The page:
As an example, a House may have two circles – an Inner and an Outer. Sometimes these Circles are given names, or designated colors – or simply referred to as “Inner” or “Outer” Circles. The Outer Circle may consist of ordinary members of the House i.e. Swans, Donors, Otherkin, and an Inner Circle of Vampyres. Within the Inner Circle, there may be other designated groups with specific roles in the Group.
Within the whole House, there may be Covens which form part of the House in general, but which may consist of members of one or both Circles. During the Fledgling period, Fledglings fall under the Outer Circle, except where training activities may include an invitation to meetings of the Inner Circle. The Outer Circle may also have Orders.
“Holding Court” is the Vampyric community meeting of a House or Coven, usually under the guidance or control of an Elder or other community leader, in reference to the medieval or aristocratic custom. This can be to address specific functions, or to socialize, but in either case, this usually only involves Vampyres and those within the community. Court is held at a House, a Haven, or a mutually agreed venue, such as a community friendly coffee shop or other meeting place. This may also sometimes be called “Quabal” (qua-ball) or even Cabal – a gathering for socialization, ritual, initiations and education. Court is more for formal internal discussions or decision making purposes.
Types Of House Meetings
Some House meetings fall under the description of the term “Court”:
“A Vampyric community meeting, usually under the guidance or control of an Elder or other community leader, in reference to the medieval or royal custom of ‘holding court’. This can be to address specific functions, or to socialize, but in either case, this usually only involves Vampyres and those within the community. Court is held at a House, a Haven, or a mutually agreed venue, with varying degrees of privacy as required, such as a community friendly coffee shop or other meeting place.”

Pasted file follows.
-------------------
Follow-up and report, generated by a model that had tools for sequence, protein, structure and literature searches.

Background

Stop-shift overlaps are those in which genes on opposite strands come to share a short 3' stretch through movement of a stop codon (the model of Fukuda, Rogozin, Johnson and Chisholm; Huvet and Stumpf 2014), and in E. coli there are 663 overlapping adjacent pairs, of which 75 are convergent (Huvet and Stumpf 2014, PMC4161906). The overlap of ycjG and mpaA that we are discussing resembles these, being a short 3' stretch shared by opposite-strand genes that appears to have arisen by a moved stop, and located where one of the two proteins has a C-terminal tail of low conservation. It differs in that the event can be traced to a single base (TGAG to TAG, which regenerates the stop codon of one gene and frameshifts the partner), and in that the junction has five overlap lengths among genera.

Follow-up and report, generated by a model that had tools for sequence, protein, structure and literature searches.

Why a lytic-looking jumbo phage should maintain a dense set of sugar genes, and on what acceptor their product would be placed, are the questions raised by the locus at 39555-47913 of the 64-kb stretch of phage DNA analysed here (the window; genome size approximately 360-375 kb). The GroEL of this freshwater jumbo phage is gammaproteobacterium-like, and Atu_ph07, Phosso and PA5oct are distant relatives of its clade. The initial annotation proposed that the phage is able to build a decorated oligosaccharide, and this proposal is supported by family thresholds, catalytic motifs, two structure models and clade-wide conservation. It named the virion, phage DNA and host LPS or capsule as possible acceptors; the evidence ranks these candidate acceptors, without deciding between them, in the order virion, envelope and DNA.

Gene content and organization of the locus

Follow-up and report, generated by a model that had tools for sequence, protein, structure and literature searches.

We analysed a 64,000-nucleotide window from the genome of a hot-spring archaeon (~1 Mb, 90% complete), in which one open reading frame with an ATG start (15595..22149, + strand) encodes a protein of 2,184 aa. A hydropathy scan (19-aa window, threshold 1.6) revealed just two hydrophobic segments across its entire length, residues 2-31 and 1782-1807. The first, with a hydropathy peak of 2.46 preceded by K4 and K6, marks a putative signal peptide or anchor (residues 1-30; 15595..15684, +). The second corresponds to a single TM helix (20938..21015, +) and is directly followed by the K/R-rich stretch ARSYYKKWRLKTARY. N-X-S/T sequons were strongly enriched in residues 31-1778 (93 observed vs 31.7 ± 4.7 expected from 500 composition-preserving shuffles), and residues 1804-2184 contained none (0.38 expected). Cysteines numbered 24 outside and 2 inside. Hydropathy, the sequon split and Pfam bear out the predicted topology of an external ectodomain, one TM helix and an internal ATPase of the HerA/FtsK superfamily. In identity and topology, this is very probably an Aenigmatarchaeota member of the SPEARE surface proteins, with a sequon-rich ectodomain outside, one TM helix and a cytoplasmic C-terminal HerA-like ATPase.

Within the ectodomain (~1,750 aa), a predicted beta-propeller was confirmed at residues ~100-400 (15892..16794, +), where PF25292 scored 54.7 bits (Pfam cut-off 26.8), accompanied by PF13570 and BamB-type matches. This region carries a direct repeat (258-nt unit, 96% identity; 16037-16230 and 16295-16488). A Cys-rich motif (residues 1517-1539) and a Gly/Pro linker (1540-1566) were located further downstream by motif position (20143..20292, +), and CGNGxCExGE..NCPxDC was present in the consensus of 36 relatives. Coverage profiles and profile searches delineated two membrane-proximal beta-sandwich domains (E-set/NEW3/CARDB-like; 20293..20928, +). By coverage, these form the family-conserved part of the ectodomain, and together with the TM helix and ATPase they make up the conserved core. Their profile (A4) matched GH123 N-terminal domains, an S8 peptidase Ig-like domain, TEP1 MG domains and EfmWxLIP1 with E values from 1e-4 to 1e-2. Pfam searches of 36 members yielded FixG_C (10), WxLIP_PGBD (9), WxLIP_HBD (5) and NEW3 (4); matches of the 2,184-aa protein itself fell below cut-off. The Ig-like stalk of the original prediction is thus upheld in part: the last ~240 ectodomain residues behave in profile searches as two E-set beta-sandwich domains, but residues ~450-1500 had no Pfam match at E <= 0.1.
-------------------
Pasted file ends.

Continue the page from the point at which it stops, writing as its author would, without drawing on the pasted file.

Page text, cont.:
The different forms and occasions for House Meetings to be held IRL, at a pre-set location or haeven are set out below (these are examples):
Regular House Meetings:
Who is present? : Anyone who is a noted member of the House and is expected to attend.
When? : Weekly, Monthly, or as agreed upon at a prior time.
Why? : To discuss House matters, socialize, keep up to date with House or community matters, host educational sessions etc.
Special House Meetings:
Who is present? : Anyone who is a noted member of the House as needed for whatever reason the Meeting is called. This sort of Meeting is either OPEN (to the entire House) or CLOSED (for Vampyres only), or for various individuals as the situation demands.
Why? : To discuss matters affecting either the whole House, or parts of the House in relation to the other parts of the House, such as in sensitive matters involving disagreements between members or parts of the House.
Sabbatical House Meetings:
Who is present? : Anyone who is a noted member of the House and is expected to attend.
Why? : For circles and rituals, such as for marking Awakenings, Yearling Rituals etc. Usually OPEN to the whole noted House membership, but set by the nature of the ritual or circle.
Open House Meetings:
Who is present? : Anyone who is a noted member of the House and is expected to attend, as well as anyone allowed entrance to the haeven or venue chosen for the Open House Meeting. OPEN in this case means open to anyone from outside the House as well.
Why? : In order to provide an inside look into the Vampyre community to interested parties, friends of House members and other invited individuals. This is in the form of a welcoming, a ritual, an information (Q&A) session, and followed by a social session. It should also be noted that this does NOT include press, media or live broadcast of the event.
All material on this site, copyright of Octarine Valur and the Vampyre Culture Center, © 2012 – present.